Do people still remember Janet Lim Napoles, the businesswoman who is alleged to have masterminded the P10-billion pork barrel scam exposed in 2013 by whistleblower Benhur Luy?
The scam surfaced anew last week when state witness and former Napoles staffer Marina Sula reportedly recanted her testimony against former senator Bong Revilla, and said that while Napoles had “utilized” Revilla’s Priority Development Assistance Fund (PDAF), she (Sula) had no personal knowledge on whether the senator received the kickbacks from the scam mastermind. The state witness also told the Sandiganbayan hearing last Thursday that it was Luy who had forged Revilla’s signature on endorsement letters for the release of the senator’s PDAF.
Explaining her turnabout, Sula said she had been coached by a prosecutor from the Office of the Ombudsman in her 2016 testimony, so it would be consistent with that of Luy.
Sula’s testimony, crowed the Revilla camp, was proof that he was innocent all along and that his signature had been a forgery. The testimony had just put an exclamation point on the case, Revilla lawyer Estelito Mendoza gloated.
For people monitoring the case, such a possibility rankles—and not just because of the amounts and personalities involved, but also because the scam had robbed small farmers of funds that would otherwise have gone to much needed agriculture projects.
To recall: For at least 10 years before the scam was exposed in 2013, Napoles had set up a network of bogus foundations and nongovernment organizations to which she and her staff funneled billions of pesos from the PDAF (or pork barrel) of several complicit lawmakers. The funds were made to appear like they were used for agri-oriented projects, which turned out to be nonexistent, with huge commissions given to participating lawmakers.
The scheme unraveled when National Bureau of Investigation agents rescued in March 2013 Napoles aide and relative Luy, whom she had detained for allegedly setting up a similar business for himself.
With an arrest warrant and a P10-million bounty on her head, Napoles surrendered to then President Benigno Aquino III on Aug. 28, 2013. In April 2015, she was convicted in the Luy illegal detention case and sentenced to 40 years in prison by the Makati Regional Trial Court.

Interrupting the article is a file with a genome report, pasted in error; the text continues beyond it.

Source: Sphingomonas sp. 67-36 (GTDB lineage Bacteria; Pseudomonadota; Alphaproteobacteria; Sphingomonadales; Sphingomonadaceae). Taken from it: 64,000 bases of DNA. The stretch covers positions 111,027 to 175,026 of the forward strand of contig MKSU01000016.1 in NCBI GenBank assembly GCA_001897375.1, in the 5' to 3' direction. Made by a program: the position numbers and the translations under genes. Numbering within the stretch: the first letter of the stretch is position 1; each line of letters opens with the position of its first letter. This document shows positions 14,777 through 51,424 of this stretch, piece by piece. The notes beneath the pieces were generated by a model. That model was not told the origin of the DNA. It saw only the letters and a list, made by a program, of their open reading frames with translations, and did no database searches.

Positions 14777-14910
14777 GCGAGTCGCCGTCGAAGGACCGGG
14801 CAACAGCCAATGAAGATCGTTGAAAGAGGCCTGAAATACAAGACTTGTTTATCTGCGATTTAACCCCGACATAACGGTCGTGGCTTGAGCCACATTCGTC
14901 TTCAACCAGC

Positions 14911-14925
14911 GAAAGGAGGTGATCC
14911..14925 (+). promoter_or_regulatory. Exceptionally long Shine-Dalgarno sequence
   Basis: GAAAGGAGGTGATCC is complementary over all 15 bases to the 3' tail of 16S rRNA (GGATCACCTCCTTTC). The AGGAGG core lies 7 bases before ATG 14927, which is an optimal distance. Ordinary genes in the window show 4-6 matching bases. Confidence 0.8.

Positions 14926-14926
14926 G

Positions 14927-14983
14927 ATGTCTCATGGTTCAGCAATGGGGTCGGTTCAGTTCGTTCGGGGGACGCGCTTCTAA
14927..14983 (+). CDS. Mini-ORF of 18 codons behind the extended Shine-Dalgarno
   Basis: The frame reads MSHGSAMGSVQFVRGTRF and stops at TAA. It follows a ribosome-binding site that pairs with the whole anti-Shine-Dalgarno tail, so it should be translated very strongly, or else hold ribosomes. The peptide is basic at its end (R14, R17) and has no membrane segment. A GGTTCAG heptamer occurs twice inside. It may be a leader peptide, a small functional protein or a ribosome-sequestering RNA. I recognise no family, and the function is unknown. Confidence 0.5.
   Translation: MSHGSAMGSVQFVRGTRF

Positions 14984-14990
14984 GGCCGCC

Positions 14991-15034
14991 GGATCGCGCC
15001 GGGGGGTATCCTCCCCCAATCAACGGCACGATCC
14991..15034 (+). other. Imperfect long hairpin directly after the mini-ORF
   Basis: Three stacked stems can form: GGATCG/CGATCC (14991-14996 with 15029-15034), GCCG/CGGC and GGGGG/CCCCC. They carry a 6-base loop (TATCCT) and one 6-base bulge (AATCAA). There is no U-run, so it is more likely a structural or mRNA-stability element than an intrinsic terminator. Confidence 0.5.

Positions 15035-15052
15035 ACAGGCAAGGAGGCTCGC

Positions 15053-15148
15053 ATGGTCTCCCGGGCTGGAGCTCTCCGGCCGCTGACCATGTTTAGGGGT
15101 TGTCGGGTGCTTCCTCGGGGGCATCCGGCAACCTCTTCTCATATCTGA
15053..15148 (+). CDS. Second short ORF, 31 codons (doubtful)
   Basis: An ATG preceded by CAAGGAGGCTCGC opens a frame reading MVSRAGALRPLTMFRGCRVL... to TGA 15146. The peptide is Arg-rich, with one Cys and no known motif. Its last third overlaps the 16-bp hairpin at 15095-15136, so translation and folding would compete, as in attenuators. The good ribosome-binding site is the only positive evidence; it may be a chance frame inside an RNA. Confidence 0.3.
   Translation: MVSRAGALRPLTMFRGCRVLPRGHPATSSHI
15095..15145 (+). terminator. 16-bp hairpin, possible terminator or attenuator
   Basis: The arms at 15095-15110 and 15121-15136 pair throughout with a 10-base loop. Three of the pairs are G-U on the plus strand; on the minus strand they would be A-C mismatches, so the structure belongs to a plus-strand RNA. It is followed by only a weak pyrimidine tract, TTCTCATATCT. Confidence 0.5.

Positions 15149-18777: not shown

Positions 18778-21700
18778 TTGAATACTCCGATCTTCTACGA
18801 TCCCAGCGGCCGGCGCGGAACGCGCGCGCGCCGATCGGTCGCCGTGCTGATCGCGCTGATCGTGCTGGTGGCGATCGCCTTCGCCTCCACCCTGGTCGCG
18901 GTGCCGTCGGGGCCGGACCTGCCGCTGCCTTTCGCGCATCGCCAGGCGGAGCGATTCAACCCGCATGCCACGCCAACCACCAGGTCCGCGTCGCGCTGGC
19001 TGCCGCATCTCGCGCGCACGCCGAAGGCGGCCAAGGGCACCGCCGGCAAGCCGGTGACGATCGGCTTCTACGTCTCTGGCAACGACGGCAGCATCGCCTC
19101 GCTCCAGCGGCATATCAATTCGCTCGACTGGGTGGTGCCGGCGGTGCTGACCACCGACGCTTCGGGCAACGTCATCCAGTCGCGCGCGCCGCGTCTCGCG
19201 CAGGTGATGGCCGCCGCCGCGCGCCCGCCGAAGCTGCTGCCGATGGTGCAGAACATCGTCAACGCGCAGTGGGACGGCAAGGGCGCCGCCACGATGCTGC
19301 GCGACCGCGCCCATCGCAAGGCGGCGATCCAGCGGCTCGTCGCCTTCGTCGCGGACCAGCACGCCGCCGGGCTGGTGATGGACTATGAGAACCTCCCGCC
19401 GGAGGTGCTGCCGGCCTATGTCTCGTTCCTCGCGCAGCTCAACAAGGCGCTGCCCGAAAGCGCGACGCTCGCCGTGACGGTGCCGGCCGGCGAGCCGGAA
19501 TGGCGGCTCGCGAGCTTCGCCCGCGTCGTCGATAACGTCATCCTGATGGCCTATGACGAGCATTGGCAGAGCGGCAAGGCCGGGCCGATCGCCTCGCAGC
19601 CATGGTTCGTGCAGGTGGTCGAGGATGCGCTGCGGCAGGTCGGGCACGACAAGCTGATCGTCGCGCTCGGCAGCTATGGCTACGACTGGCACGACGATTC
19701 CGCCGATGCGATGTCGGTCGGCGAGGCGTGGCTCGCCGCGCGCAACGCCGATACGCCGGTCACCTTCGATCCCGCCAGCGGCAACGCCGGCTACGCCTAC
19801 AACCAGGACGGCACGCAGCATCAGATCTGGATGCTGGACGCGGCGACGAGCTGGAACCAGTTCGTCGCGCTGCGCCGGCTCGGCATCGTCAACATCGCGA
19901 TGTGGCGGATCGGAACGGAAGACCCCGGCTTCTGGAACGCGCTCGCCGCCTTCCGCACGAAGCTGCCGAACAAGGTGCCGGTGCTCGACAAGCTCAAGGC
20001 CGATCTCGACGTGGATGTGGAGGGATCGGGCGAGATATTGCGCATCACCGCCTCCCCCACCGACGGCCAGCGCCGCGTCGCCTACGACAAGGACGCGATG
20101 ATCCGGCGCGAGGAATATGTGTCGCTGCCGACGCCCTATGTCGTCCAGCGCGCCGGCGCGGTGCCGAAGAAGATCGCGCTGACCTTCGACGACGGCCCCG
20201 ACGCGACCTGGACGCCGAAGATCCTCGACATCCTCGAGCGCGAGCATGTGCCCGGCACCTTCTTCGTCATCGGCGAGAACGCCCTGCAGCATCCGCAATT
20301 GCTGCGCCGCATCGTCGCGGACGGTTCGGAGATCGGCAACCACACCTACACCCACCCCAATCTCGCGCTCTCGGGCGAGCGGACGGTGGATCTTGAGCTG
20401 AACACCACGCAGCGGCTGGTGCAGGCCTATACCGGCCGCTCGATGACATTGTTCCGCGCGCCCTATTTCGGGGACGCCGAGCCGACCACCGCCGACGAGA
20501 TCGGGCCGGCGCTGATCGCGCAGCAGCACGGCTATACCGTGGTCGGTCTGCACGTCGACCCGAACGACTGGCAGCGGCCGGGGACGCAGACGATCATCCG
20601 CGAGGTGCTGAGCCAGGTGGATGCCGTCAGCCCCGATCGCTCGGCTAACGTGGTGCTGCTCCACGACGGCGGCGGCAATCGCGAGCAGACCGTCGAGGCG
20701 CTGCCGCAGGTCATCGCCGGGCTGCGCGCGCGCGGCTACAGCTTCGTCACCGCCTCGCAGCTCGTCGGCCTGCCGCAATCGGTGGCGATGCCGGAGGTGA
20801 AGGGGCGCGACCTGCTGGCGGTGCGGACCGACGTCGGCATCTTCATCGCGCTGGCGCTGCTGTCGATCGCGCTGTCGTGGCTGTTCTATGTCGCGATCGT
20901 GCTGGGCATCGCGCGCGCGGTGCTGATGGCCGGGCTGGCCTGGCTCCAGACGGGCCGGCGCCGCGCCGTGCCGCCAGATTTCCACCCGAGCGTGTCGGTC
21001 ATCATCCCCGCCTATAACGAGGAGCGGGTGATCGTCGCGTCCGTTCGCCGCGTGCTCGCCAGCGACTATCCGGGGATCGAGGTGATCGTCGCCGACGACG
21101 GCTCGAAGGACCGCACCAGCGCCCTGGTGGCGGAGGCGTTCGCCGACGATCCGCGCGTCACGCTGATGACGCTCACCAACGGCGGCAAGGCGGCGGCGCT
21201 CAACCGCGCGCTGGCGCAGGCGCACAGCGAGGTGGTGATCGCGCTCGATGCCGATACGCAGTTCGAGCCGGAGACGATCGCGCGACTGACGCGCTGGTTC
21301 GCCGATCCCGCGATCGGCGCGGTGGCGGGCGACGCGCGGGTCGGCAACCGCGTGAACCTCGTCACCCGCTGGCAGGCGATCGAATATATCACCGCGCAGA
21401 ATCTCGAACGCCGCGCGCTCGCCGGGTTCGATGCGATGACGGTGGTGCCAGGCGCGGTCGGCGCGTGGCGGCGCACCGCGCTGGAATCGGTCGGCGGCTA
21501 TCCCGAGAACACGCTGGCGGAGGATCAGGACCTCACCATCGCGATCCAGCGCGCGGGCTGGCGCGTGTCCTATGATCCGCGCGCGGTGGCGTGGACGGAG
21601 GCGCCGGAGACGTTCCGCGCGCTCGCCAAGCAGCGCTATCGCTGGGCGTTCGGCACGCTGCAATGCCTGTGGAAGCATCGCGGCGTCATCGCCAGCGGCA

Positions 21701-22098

In June 2014, the Ombudsman indicted former senators Juan Ponce Enrile, Jinggoy Estrada, Ramon Revilla Jr. and other government officials in the Sandiganbayan for plunder and graft in connection with the pork barrel scam.
Would Sula’s testimony now exonerate Revilla?
Not so, said Deputy Special Prosecutor Manuel Soriano, who denied the coaching by the prosecutor in Sula’s 2016 testimony. Sula’s latest testimony might have been meant to protect herself in other pending cases where she was not covered by the Witness Protection Program, explained Soriano.
Despite the backtracking, Soriano said the prosecution still has a strong case against Revilla, as Sula had previously testified that the senator’s former staff member, Richard Cambe, had transacted on his behalf and signed the Memorandum of Agreement himself. Why would a trusted staffer do something without the senator’s blessing? Soriano asked. And didn’t Sula also acknowledge that Luy had recorded all the kickbacks Revilla had received?
What is actually more distressing at this point is the glacial pace at which the case proceeds. It’s been five years, and Napoles has yet to face the more serious plunder and graft charges for the PDAF scam. That’s enough time for politics to influence the memory of witnesses and tamper with their testimonies. Surprising—and suspicious—turnarounds such as Sula’s illustrate only too well how, out of the public eye, cases can grow horns and wings, and government prosecutors can suffer loss of memory, as well as actual loss of evidence and witnesses.
In the meantime, the public grows ever more cynical of the capability of the justice system to enact accountability on the influential and powerful, seeing how high-profile cases eventually flounder on the shoals of new political calculations and realignments. Is the Revilla case about to go the same way?
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